Why let borrowers learn about the demands and hidden costs of homeownership the hard way?
On July 17, CBC Mortgage Agency announced it would be extending its Borrower Success Program, the ongoing post-purchase counselling plan the lender offers its clients, from 12 to 18 months, free of charge.
The extension will certainly help borrowers impacted by COVID-19’s ongoing disruption of the U.S. economy, but Miki Adams, CBC’s executive vice president, says it was in the works long before the arrival of the pandemic. The new 18-month window is intended to provide CBC clients continued access to a program both they and the company have found beneficial.
“We’ve been thinking about extending it for years, just because of the good it does,” Adams says.
At the heart of CBC’s Borrower Success Program is a desire to guide the company’s clients through the challenges of homeownership that may catch long-time renters unaware: unforeseen maintenance and repair costs, rising property taxes and bills, and, for some, adhering to a consistent payment schedule. By providing borrowers one-on-one counselling rather than the phone number for a call center, CBC hopes to assume the role of supportive mentor, someone a troubled homeowner would feel safe being honest with, rather than that of the breathing-down-your-neck collector, who Adams says borrowers are often less willing to turn to with their problems.
“Collectors, I think, in most borrower’s minds, are never fun people to talk to,” Adams says.
The program itself is simple. Any borrower receiving a mortgage through CBC’s Chenowa Fund down payment assistance plan is given an initial program disclosure that includes information about the Borrower Success Program, including a notification that one of CBC’s counsellors will be reaching out shortly after closing. Once the deal closes, one of the members of CBC’s HUD-approved counselling team makes contact with the borrower and establishes the relationship.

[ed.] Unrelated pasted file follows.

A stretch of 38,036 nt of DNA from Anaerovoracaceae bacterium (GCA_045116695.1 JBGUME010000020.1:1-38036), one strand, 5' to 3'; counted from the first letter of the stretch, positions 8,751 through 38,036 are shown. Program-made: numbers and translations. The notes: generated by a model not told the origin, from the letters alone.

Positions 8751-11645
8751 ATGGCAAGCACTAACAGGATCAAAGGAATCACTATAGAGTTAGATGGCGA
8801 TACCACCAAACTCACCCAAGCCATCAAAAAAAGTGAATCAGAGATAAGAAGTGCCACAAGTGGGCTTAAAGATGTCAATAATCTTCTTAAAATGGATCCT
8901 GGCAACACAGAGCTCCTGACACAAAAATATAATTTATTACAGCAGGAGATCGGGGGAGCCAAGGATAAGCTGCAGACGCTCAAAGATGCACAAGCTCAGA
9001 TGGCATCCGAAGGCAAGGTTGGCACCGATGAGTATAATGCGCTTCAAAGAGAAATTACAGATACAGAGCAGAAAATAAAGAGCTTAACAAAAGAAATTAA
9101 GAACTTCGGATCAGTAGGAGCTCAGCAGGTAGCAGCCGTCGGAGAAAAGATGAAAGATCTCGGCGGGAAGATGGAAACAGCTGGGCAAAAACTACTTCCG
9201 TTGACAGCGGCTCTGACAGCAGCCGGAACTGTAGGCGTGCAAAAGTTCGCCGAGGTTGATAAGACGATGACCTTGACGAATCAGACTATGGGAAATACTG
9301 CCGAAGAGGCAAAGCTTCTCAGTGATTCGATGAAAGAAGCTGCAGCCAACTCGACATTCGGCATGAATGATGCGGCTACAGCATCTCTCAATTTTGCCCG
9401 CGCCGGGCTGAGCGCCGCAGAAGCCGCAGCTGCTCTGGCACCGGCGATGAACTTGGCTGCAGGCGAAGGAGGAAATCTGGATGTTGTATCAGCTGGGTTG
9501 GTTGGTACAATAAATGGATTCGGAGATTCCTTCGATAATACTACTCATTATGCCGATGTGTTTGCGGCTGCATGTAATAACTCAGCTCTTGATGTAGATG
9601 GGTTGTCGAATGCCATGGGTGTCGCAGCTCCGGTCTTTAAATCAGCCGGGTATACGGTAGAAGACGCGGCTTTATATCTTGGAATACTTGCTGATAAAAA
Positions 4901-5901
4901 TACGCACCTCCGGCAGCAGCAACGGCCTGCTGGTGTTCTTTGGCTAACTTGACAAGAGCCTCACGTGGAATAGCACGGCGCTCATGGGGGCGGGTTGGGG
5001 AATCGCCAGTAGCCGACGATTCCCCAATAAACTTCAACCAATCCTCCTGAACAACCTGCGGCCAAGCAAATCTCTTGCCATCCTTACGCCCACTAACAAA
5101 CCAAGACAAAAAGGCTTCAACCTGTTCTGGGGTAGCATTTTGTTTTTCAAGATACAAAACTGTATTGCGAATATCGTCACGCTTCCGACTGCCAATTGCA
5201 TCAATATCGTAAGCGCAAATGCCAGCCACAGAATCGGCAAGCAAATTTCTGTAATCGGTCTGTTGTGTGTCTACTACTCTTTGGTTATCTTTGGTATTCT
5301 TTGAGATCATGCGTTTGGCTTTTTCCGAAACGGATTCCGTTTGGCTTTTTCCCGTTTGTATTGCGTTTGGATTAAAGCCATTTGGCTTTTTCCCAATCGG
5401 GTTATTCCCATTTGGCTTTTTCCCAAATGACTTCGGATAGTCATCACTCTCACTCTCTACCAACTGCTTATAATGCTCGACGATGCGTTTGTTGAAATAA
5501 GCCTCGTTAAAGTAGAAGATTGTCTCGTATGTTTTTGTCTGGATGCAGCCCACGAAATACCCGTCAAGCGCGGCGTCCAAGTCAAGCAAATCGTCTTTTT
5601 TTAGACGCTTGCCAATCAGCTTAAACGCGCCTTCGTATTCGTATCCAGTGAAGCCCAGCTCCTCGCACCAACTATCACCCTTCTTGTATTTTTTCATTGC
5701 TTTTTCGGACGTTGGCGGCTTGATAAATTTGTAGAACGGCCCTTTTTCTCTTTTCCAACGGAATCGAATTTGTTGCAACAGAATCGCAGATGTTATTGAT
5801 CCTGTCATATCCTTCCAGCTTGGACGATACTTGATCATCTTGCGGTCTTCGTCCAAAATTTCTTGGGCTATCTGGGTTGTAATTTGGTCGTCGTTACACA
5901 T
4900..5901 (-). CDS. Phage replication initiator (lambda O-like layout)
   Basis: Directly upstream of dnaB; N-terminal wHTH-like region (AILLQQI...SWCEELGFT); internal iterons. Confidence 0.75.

The process has been a success in bringing company and client closer together.
“We get this bonding relationship going with the borrower,” Adams says. “We’re not just a servicer. We’re going to have a buddy for you throughout the first 18 months of home ownership.”
CBC’s counsellors, employees of Money Management International, contact borrowers every month via email, text or phone call, providing constant encouragement along the way. Keeping MMI staff on the payroll requires a significant investment from CBC, but it’s one Adams says the company is happy to pay.
“That cost is not small, but we feel it’s important,” she says. “We’re extremely committed to supporting the long-term viability of down payment assistance programs. For that reason, the cost is worth the investment.”
While CBC offers the program to its down payment assistance recipients, Adams says a similar plan should work for the clients of other lenders.
“To me, there’s no question that it would be beneficial for all borrowers. It gives us an opportunity to help them before they really get into trouble,” she says.